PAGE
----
The beaches were pristine but offered no protection or refuge from storms. You couldn’t grow anything in the soil. And most significantly, you could reach them only by boat.
It was the river that brought people in.
The New River environs were the place to be. You could arrive by Flagler East Coast Railway train, get around by ferries, have construction materials and even mules delivered by barge. You could also grow just about everything in the fertile soil.
Agriculture was such an attraction that big-money real estate investors from the Midwest bought vast tracts of South Florida land. A major campaign in March 1911 to auction off small plots drew more than 3,000 visitors from across the country to our fledgling town, which in the previous year’s census listed a population of just 110 people.
The campaigns touted the Everglades as “The New Fertile Crescent.” Come to Florida, the marketing went, for once-in-a-lifetime auctions in “The Promised Land.”
One who didn’t buy into that idea, the owner of a lonely hunting lodge on the beach at the time, was Thomas Watson.
A former Georgia senator and candidate for president on the Populist ticket in 1904, Watson was the author of a book on the history of France. He also published a magazine called The Jeffersonian. Here’s his take on the land rush, according to historian Stuart McIver: “I was there when those bargain seekers (or I may say suckers) began coming to Fort Lauderdale. One day I saw three long, heavily loaded trains come to the place.”
The town’s hotel and pension rooms, Watson reported, could accommodate only about a fourth of those coming in. The rest had to stay in tents set up in the woods: “More than a thousand tents were put through the piney woods between March 15 and March 20.”
And what were the virtues of the “New Fertile Crescent”?
“The Everglades is the best country in the whole world to raise alligators, rattlesnakes, mosquitoes and malaria,” Watson dryly observed.
That’s just what many buyers found. Many discovered that the land they purchased was underwater. Promised dredging hadn’t materialized.
One national newspaper called it “the biggest land swindle in history.” A congressman from Missouri, where the largest land company was headquartered, called it “one of the meanest swindles ever devised … resulting in the victimization of 25,000 people.”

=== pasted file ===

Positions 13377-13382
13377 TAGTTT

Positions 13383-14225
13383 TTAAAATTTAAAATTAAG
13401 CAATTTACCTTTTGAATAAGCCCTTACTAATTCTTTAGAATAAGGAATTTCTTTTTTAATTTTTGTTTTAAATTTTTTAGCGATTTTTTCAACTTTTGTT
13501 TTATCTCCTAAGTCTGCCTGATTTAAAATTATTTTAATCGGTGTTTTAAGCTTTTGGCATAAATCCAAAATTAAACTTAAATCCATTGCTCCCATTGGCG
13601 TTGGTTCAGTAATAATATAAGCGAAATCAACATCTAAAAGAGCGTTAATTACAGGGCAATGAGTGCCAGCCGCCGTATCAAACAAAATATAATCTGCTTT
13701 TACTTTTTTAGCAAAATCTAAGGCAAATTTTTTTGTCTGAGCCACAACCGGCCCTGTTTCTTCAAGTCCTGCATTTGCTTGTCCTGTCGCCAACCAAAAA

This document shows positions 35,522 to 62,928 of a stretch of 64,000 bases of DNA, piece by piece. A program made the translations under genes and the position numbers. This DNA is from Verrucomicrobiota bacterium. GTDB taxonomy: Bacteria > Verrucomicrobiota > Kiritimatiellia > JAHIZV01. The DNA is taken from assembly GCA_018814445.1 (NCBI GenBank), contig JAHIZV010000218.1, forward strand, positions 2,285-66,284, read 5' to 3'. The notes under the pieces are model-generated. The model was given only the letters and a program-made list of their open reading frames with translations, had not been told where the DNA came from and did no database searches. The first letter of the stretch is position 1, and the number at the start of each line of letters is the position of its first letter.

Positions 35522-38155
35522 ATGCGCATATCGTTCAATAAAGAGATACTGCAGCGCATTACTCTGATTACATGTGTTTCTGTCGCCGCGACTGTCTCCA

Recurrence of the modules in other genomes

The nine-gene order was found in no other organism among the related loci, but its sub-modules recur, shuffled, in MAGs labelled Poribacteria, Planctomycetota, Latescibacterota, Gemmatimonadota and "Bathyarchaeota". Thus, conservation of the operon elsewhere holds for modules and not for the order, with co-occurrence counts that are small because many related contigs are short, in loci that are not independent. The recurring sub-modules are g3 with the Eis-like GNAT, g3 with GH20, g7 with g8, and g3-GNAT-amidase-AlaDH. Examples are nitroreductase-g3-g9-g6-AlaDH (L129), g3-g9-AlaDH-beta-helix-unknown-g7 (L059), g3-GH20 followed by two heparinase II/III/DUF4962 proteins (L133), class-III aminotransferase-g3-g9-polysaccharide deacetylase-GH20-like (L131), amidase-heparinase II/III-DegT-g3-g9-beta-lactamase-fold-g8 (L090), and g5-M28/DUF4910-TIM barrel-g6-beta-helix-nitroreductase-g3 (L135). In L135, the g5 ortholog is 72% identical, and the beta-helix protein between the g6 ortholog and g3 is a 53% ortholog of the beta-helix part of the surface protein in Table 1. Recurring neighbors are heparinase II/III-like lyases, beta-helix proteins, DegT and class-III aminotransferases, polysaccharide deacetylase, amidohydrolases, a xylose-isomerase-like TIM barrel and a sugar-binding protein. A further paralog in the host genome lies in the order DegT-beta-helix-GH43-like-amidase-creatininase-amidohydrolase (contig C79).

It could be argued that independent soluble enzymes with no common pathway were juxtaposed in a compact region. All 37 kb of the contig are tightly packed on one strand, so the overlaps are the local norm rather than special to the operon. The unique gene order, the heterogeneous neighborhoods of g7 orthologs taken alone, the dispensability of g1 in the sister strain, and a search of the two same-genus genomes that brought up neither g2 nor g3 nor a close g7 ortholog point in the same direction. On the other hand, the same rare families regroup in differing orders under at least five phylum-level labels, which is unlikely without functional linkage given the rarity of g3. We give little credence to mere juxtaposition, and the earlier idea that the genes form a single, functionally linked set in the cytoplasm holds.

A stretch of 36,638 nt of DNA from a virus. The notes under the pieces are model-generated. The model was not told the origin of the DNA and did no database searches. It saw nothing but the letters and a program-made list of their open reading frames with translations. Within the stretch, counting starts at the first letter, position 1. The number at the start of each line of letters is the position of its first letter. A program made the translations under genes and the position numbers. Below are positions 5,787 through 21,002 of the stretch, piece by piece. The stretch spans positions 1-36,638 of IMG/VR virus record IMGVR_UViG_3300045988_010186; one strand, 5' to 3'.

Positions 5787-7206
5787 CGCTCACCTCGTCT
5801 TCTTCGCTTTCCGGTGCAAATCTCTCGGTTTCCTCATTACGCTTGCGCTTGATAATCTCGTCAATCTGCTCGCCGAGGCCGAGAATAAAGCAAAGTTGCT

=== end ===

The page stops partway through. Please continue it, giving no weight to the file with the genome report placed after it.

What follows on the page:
Yes, there was fertile land in the New River area and beyond. But that only extended so far. When the tents were folded up and the thousands left, it was business as usual. Planting tomatoes, trading with Seminoles, slowly building civic structures. All along the river.
Meanwhile, down at the beach, settlement was sparse. When Chicago lawyer Hugh Taylor Birch, an authority on geology, ornithology and botany as well as the law, first saw the beachfront, he fell in love. He called it “the most beautiful spot I laid my eyes on in all my travels.”
In the mid-1890s he and a partner bought three miles of oceanfront land. (The park that bears his name was bequeathed to us, including the parcel given to his daughter, home of the Bonnet House estate and museum.)
And then there was Watson’s hunting lodge. That had a little beach history too.
Birch’s partner was J. McGregor Adams, a successful Chicago manufacturer. On his portion of beachfront he had a house built by pioneer Ed King, responsible for much of the early construction in the “downtown” area. A two-room cottage at what is now Las Olas Boulevard and the beach was mounted in the sand on molded concrete blocks.
Adams hosted many A-list guests coming in by boat over the years, including senators and authors, among the latter Theodore Dreiser. Shortly after Adams died in 1904, the cottage, which had been used as a hunting lodge, was sold to Watson.
Watson ran the hunting lodge for nearly ten years, selling it in 1914. This turned out to be a landmark moment in the evolution of the beach.
That’s because the purchaser, David Alexander, had a vision for the future. A graduate of Stanford, the Californian came here on a visit and realized our beaches were as beautiful as anything on the Pacific Coast. And that they were practically deserted.
He bought the lodge along with 32 acres of beachfront property. He platted the land and called his resort Las Olas-By-The-Sea. The hunting lodge was converted into the beach’s first hotel, The Las Olas Inn.
Now all that was needed was a road and a bridge to get people in.